Inform your schools. “For many children (with narcolepsy), I can easily see how they would be labeled lazy. From not wanting to concentrate, not answering the teacher, not being able to participate in the social group of the class. But those could be some of the signs and symptoms of narcolepsy, ”says Taylor. “I hope that by talking about this, more people know what narcolepsy is.”

To help teachers understand your child’s condition, it is best to educate them yourself. “The best thing I can tell parents is to bring all the information,” says Taylor. “Copy it for each teacher in the meeting. … Contact the special education department when the school year begins. The more we educate ourselves about our child’s illness, the easier it will be for us to teach everyone else. “

Be realistic. “We, as parents, have to adjust our expectations of our children. … My expectations of him at school are different, ”says Manus. Narcolepsy is a lifelong sleep disorder, but the condition does not worsen with age. By setting manageable goals for your child, you can be successful and improve symptoms over time.

Talk to a therapist. Narcolepsy is a chronic disease; there’s no cure. “Making sure that [your children] understanding that and having the resources to cope with a chronic disease is really important, ”says Maski. “Whether it’s a counselor, a local psychologist, or a cognitive behavioral therapist, these are very valuable resources to be able to provide for children.”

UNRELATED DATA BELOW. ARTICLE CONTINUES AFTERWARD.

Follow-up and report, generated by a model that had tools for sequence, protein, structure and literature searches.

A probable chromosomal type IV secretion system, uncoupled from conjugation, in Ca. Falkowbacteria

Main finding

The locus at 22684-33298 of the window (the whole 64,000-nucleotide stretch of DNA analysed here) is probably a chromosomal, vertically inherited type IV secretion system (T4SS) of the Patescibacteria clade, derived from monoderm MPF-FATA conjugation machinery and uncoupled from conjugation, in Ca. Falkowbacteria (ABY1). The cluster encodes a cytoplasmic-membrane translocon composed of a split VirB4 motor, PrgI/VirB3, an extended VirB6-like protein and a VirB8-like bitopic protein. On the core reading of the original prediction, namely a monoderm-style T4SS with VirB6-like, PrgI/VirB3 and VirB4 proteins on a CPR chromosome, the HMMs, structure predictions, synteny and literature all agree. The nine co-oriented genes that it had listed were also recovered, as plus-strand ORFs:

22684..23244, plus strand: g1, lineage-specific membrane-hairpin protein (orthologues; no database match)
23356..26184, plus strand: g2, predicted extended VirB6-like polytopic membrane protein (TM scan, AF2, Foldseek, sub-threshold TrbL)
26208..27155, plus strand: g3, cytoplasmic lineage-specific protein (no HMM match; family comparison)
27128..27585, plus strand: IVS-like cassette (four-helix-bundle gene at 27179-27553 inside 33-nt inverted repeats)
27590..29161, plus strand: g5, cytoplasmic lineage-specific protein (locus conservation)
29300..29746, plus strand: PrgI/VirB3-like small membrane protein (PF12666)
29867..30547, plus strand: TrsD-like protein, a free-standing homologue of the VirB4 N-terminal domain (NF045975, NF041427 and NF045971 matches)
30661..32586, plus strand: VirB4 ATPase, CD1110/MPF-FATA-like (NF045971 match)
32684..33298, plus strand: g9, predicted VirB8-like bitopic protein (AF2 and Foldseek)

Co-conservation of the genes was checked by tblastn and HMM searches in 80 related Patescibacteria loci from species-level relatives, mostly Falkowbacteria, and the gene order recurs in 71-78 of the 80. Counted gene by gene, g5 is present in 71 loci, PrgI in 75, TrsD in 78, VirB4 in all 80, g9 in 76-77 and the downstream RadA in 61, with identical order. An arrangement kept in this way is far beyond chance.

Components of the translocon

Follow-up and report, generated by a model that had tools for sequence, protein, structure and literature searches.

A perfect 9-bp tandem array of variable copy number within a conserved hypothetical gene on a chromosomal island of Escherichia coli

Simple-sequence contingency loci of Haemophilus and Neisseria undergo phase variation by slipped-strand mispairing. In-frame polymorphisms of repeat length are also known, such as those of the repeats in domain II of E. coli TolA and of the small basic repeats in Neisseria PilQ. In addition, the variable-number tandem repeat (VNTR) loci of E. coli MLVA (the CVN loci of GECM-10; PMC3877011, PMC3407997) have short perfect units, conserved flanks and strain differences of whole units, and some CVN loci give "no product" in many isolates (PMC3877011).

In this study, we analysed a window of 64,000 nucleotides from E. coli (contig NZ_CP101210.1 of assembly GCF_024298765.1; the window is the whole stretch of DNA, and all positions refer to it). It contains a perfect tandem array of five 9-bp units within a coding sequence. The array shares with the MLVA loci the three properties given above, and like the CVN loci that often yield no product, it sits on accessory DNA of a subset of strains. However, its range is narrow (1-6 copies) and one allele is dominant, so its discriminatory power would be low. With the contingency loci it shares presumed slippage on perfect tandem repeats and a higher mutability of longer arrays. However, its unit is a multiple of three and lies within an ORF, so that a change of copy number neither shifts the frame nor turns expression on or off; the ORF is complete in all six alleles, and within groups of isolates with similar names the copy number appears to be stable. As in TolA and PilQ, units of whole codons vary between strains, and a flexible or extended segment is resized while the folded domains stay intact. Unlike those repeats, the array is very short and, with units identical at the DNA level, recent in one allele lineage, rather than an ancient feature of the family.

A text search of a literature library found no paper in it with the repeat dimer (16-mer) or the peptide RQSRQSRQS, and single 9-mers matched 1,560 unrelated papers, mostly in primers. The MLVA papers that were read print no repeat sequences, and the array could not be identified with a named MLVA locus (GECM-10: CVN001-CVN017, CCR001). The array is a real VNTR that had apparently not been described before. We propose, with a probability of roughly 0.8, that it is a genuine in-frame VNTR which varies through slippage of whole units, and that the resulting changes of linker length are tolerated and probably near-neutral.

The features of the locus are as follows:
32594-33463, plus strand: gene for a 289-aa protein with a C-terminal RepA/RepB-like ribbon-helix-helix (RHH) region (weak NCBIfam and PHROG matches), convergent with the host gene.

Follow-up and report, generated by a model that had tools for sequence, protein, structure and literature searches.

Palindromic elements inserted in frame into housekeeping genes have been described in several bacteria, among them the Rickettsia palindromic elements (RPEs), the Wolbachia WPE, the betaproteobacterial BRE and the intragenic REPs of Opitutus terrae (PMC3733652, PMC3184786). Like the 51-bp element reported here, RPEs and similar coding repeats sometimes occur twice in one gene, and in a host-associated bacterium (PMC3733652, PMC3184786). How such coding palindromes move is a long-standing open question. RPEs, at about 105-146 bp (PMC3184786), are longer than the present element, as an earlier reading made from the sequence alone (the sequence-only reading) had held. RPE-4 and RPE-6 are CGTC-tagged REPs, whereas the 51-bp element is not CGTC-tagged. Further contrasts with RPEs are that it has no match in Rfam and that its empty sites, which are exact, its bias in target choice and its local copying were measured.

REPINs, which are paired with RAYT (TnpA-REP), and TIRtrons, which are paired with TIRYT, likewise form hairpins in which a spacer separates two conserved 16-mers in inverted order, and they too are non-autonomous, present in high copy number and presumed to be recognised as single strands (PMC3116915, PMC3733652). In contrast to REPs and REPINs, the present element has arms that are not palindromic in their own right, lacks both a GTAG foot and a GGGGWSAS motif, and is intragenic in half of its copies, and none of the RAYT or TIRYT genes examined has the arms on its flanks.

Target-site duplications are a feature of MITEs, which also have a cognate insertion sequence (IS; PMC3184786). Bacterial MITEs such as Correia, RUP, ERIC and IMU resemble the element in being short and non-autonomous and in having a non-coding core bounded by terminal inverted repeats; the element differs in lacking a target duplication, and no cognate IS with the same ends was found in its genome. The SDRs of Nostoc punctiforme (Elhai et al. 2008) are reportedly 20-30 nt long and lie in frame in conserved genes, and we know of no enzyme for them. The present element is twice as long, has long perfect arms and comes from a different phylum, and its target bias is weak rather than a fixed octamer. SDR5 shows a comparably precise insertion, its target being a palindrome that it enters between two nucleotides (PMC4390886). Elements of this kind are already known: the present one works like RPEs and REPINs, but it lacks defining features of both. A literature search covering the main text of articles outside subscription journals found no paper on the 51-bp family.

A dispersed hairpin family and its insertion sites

Help them find partners. It is very helpful to join support groups, ”says Maski. “There are several advocacy groups like Wake Up Narcolepsy, Narcolepsy Network, Project Sleep, and Hypersomnia Foundation that have amazing resources. At the local level, ask your doctor if there are other patients to meet with or a local support group. “

Encourage naps. “Schools sometimes give the opportunity to take a 30-minute nap. When [your child] is at home, they can take a scheduled 30-minute nap, ”says Bandyopadhyay. These naps can help your child stay cool and decrease sleepiness for a couple of hours.

Keep active. “One of the things that I have found to be incredibly helpful is exercise, [my son] stay active, ”says Manus. Regular exercise at least 4 to 5 hours before bedtime can help children feel more alert during the day and sleep better at night.

Get enough sleep. Your child should follow a regular bedtime and wake-up time. This will help you establish a routine and get the most sleep each night.

Limit caffeine. Better to stay away from caffeine and other stimulants later in the day. “We know that although the patient is drowsy from narcolepsy, some of these children may also suffer from insomnia at night. And when that happens, it shortens your sleep time even more. It’s a vicious cycle, ”says Bandyopadhyay. Caffeine at night will only continue to make sleep difficult.

Ensure your safety. Keep your child out of situations such as driving, cooking, or swimming if he may lose alertness. Make sure your child is fully awake and attentive before he does anything potentially dangerous.